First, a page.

The new Jelly Gallery at the Two Oceans Aquarium has quickly become one of our most popular spaces, since opening in June 2016. Visitors are raving about this mesmerizing display and they’ve gotten very creative with their photos.
As you enter the Jelly Gallery, you are invited to have a look through small peepholes in the wall. On the other side of the window, you will see tiny, beautiful 3D models depicting the life cycle of jellies, from planula larvae to strobila all the way to adult medusa stage.
The earliest of these life stages are often too small for the naked eye to see, so – together with Rabbit Disruptive Technologies – we’ve magnified these life stages and created otherworldly 3D sculptures for visitors to look at.
Watch part of the 3D-printing process below:
Jelly lapse by Rabbit
Time-Lapse of the jellies being printed in clear resin on the Formlabs' Form2 3D printer for the Two Oceans Aquarium in Cape Town, South AfricaPosted by Rabbit Disruptive Innovations on Thursday, June 16, 2016
Visitors can then see juvenile compass and Malaysian jellies, grown right here behind the scenes at the Aquarium by our jelly expert Krish Lewis, displayed in round kriesel tanks. Although they are very small now, these two species can grow exceptionally large.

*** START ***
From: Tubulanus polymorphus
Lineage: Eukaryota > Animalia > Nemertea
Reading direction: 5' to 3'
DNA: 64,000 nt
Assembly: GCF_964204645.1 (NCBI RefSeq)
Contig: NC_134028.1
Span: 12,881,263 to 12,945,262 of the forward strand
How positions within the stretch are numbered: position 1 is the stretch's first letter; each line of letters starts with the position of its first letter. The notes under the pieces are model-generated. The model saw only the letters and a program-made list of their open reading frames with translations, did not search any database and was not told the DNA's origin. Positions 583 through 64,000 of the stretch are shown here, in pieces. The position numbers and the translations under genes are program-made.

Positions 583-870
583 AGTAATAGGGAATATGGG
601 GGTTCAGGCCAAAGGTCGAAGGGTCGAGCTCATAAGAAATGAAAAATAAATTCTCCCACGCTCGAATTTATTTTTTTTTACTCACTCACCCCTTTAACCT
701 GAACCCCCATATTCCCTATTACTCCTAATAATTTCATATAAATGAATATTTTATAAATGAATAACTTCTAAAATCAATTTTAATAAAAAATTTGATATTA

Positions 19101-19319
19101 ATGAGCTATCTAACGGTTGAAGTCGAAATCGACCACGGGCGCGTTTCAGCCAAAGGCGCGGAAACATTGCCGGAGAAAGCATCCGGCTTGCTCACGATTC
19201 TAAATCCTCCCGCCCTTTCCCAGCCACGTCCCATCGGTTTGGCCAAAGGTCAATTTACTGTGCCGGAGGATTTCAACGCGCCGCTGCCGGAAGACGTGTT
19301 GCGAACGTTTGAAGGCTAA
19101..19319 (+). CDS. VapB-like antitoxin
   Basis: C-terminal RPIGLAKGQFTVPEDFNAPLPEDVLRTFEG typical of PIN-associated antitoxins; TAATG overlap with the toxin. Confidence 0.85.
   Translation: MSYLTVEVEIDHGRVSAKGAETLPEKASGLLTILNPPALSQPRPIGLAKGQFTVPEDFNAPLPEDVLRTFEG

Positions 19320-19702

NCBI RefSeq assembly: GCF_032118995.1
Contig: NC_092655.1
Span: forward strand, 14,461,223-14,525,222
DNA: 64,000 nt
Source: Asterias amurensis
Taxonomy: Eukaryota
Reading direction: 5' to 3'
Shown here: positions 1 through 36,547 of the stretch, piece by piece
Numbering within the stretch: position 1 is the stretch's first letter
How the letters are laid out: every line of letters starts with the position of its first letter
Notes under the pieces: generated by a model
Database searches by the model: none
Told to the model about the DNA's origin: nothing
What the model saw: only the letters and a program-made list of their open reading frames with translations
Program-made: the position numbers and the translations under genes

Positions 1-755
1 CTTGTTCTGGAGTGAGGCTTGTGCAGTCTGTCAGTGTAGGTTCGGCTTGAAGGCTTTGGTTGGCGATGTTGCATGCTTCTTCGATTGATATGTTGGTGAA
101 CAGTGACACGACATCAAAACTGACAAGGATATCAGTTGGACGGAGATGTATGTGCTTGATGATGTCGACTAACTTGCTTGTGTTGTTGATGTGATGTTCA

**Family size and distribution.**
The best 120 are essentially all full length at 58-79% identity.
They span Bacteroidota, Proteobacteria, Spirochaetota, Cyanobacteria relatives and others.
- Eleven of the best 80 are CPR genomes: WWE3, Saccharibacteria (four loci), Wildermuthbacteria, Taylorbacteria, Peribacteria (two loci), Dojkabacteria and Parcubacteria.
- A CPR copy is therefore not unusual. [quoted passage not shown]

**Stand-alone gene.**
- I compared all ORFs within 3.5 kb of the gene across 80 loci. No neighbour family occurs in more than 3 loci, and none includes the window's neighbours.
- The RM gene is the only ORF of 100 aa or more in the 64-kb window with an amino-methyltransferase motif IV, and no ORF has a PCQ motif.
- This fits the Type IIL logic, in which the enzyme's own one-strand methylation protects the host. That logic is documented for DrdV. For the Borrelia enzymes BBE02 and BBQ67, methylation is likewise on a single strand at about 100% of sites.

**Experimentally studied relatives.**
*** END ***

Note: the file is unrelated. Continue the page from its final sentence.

And then for the main attraction, the hypnotising jelly hall, where cylinders of box, blue blubber and moon jellies swirl and are reflected in floor to ceiling mirrors. Visitors often feel like they’re in a wonderful ocean maze as these jellies dance all around them.
Facts about jellies
Jellies are not fish at all.
Jellies are boneless, brainless and heartless.
Some jellies have teeth.
A group of jellies is called a smack.
Jelly blooms have been known to stop aircraft carriers in their tracks, bring coastal nuclear power plants to their knees, close beaches and capsize entire fishing vessels!
Jellies are about 96% water and the rest is protein.
A box jelly has no brain, but has 36 eyes, eight of which are similar in function and structure to human eyes.
Some jellies live for just a couple of hours, while others are considered immortal.
The lion’s mane jelly has tentacles up to 60m long.